Farm to School

Farm to School: Whether in rural communities or urban settings, schools are finding novel ways to feed students healthier, locally grown food at the daily lunch table. Quietly, this movement is gaining momentum across the country, providing children with a nutritious, well balanced meal once a day. Not only do Farm to School programs support local economies, they also provide children the opportunity to cultivate the food themselves as part of the curriculum.

As the growing concern over child obesity increases, nutritious lunches containing proper amounts of fruits and vegetables can be obtained from local farms in place of the traditional processed food served in most U.S. cafeterias. With an increase of direct consumption of fruits and vegetables also comes an increase in food borne outbreaks; therefore food safety is an important issue for both producer and consumer. Farm to School programs need to be proactive in maintaining food safety by following simple steps that any grower, school kitchen, or garden can follow. This summary provides a brief overview of steps to ensure food safety in Farm to School programs. For more information, refer to the helpful website links at the bottom of this article.

Good Agricultural Practices (GAPs) are an important set of guidelines for producers to understand to ensure the food they provide to schools is free from harmful microorganisms. GAPs guidelines cover topics such as planting, production, harvest, and post-harvest to reduce the chance of food borne outbreak. Although current technologies cannot eliminate all potential food safety hazard associated with eating produce raw, growers should be vigilant to reduce or control food safety risks at all stages of production. In addition, Good Manufacturing Practices (GMPs) can minimize and control the risk of contamination that may occur after harvest and during packing. Operations such as cutting, peeling, or re-packing harvested produce may introduce harmful bacteria that were not present at the initial harvest if proper GMPs are not followed.

As a school, be upfront with your growers about the handling, packaging, quality, or food safety documentation prior to signing a contract. Developing relationships between farm and school will assist in building a strong program. Involving parent volunteers to assist in kitchen preparation of the produce, picking up deliveries at the farm, or organizing nutrition education activities will expand the into the community. Resources about current standard operating procedures are already available in a school’s food service program. In addition to the current SOPs, food safety protocols should be followed during the purchase, storage, and preparation of fresh produce to be served in the school lunch. These guidelines can be found in the food safety and quality section of this guide.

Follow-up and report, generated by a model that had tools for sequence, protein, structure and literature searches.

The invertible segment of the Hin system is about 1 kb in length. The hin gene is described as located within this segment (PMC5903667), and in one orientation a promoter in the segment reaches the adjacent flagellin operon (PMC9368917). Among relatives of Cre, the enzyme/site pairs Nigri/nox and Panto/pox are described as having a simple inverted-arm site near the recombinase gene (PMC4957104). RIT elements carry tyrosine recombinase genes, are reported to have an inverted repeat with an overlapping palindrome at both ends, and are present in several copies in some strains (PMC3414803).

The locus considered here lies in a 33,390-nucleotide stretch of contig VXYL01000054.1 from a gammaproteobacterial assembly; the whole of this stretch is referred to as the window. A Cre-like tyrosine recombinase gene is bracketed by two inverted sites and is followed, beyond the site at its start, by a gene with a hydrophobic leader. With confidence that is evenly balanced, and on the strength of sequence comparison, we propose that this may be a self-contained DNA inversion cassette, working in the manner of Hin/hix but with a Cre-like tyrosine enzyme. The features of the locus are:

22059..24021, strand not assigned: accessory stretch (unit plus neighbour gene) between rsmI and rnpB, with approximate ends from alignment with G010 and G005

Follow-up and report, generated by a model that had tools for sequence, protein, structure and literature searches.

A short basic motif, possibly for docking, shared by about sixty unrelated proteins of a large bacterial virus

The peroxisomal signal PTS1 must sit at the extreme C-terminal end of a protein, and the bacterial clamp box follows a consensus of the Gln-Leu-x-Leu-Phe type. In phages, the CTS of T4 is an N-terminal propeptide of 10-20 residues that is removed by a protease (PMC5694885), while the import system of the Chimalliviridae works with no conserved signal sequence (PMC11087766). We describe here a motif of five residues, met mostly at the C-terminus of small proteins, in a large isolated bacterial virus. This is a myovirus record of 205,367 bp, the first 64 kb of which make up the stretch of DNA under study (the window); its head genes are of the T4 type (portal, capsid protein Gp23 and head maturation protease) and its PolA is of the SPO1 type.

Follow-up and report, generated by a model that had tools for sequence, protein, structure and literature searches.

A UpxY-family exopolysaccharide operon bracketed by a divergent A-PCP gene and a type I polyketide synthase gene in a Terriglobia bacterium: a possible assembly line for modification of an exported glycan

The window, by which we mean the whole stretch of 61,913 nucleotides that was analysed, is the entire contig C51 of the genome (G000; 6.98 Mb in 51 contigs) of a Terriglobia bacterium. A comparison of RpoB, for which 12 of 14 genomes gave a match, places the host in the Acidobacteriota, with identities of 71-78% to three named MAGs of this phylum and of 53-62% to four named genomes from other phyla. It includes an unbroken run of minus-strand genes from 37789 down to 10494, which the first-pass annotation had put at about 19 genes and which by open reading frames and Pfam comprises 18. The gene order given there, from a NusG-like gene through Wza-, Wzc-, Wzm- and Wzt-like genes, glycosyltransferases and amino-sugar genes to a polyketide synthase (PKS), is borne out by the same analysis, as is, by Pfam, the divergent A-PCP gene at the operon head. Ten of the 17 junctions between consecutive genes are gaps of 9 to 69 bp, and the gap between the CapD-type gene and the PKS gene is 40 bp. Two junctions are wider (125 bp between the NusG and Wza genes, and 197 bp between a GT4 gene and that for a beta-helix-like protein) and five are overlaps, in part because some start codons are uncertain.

School gardens also serve as living laboratories, giving children the opportunity to watch their food grow from seed to salad. The same principles apply to school gardens as they do with farms in terms of good agricultural practices. Schools may benefit from having a direct supply chain of food to their cafeteria by avoiding potential contamination that is often associated with long distance travel. Safe handling should be reviewed with any students, teachers, or volunteers that may be in contact with the produce prior to consumption. School food authorities should familiarize themselves with the federal, state, and local requirements regarding health and sanitation issues surrounding school gardens.

The best way to create a successful Farm to School program is to be informed, know your school and local health regulations, and maintain close contact with the growers in your area providing fresh produce.

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